Europe bans cosmetic companies from using DEG and Vitamin K

Sarah Brown is the founder of Pai Skincare. Entrepreneur, mum and sensitive-skinned soul.

The recent European Cosmetics Directive has finally outlawed Diethylene Glycol (DEG) and Phytonadion (Vitamin K1). About time too!

Few cosmetic companies now use these ingredients… but some still do – even the odd organic one.

What is Diethylene Glycol?

Diethylene Glycol is a type of Glycerine or Glycerol that is poisonous to humans. It is often used in anti-freeze. However, in recent years DEG has been found in toothpaste originating from China.

Glaxo SmithKline has said that the ingredient was found in counterfeit versions of its Sensodyne toothpaste. In Panama, contaminated products are estimated to have killed 70 people.

DEG isn’t completely banned, as the directive allows for cosmetics to contain traces of the chemical found in Glycerol.

What does this mean for Pai?

At Pai we use vegetable derived Glycerine (as opposed to Animal Fat derived). Because we are Soil Association certified, we can only use their approved suppliers of vegetable Glycerine in our products.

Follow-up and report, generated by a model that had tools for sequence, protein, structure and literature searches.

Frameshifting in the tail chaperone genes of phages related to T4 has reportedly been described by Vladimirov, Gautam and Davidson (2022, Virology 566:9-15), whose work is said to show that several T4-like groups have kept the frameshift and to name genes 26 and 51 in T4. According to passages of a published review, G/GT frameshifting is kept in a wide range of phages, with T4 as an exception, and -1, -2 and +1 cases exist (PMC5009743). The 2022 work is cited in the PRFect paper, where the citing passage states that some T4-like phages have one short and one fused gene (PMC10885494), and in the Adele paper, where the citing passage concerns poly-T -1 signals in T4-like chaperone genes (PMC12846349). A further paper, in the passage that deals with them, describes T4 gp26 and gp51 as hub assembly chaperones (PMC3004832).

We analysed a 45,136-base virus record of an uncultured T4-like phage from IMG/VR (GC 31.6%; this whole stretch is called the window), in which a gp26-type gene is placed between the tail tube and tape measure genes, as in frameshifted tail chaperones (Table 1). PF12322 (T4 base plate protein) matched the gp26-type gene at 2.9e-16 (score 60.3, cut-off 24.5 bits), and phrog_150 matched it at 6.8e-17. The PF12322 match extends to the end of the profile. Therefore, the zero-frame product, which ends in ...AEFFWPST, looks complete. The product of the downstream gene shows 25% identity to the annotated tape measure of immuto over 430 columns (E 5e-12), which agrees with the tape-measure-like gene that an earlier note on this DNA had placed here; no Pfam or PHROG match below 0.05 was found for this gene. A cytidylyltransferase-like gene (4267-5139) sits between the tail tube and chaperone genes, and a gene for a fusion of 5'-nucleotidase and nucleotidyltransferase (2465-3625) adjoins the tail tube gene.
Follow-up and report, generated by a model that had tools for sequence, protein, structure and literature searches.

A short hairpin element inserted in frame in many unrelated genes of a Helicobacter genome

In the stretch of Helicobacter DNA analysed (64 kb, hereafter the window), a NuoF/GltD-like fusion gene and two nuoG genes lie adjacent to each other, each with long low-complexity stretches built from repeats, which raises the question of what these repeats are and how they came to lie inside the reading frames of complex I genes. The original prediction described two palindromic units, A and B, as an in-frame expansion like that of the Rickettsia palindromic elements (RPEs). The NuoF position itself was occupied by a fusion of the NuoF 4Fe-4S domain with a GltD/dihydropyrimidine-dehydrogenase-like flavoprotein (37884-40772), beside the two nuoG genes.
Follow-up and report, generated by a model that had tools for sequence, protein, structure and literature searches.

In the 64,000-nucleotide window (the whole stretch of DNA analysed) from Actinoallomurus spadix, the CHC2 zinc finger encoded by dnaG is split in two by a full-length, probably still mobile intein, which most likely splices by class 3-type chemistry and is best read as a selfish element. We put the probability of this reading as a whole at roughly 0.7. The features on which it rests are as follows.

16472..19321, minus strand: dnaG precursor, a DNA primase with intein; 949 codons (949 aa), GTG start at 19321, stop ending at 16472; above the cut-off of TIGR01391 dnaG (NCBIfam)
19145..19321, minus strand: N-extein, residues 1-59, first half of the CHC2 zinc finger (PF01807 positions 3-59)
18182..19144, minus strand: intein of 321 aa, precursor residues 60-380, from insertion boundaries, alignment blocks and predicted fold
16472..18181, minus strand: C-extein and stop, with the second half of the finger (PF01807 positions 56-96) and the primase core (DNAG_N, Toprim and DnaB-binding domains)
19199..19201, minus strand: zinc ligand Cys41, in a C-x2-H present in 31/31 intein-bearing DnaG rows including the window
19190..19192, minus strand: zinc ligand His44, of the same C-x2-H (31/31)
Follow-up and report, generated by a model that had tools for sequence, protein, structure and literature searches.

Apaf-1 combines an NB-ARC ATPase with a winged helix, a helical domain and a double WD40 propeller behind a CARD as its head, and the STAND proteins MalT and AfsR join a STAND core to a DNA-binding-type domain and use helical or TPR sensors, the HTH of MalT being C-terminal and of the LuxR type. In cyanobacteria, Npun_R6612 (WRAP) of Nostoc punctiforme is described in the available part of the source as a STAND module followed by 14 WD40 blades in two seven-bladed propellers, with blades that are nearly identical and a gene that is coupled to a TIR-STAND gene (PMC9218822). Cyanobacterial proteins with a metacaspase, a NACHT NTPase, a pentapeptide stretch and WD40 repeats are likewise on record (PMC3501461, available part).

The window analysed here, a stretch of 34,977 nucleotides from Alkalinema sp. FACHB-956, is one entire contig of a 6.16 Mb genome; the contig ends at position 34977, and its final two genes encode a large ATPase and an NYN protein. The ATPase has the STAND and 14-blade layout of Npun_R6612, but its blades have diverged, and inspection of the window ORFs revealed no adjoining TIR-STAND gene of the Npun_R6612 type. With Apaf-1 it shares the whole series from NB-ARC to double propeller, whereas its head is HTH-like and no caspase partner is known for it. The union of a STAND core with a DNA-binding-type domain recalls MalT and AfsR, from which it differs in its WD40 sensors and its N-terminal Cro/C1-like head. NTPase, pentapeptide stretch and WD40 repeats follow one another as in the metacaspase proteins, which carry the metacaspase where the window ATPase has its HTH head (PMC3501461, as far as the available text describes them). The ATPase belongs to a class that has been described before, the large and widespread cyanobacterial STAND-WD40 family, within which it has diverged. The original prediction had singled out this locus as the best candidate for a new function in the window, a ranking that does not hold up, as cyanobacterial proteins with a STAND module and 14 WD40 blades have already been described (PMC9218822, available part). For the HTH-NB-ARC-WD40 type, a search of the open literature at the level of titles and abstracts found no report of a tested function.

This ensures that not even trace amounts of DEG find themselves into Pai products. Pai manufactures all products in-house, rather than outsourcing production to a factory.

This means we can guarantee that our ingredients are not contaminated or replaced with non-human grade glycerine (this has happened to other companies in the past).

What is Phytonadion?

Phytonadion is best know as Vitamin K1. In 2006 it was banned in France by the health regulator Afssaps (Agence Francaise de Securite des Produits Sante). Afssaps reported twelve extreme allergic reactions, all eczema-related conditions of the face and body. Six of the sufferers had to be hospitalised.

“Cosmetics products that include K1 can represent a serious threat to human health,” an official statement from Afssaps said at the time.

Vitamin K2 is thought to be generally safe – but if a product does not specify K1 or K2, then we would suggest you stop using it. Many consumers are becoming aware that just because a product says it is organic on the front, the ingredients on the back often tell a different story.

If you want to be absolutely sure a cosmetics product is as natural as it claims, then look for the Soil Association logo on the box.


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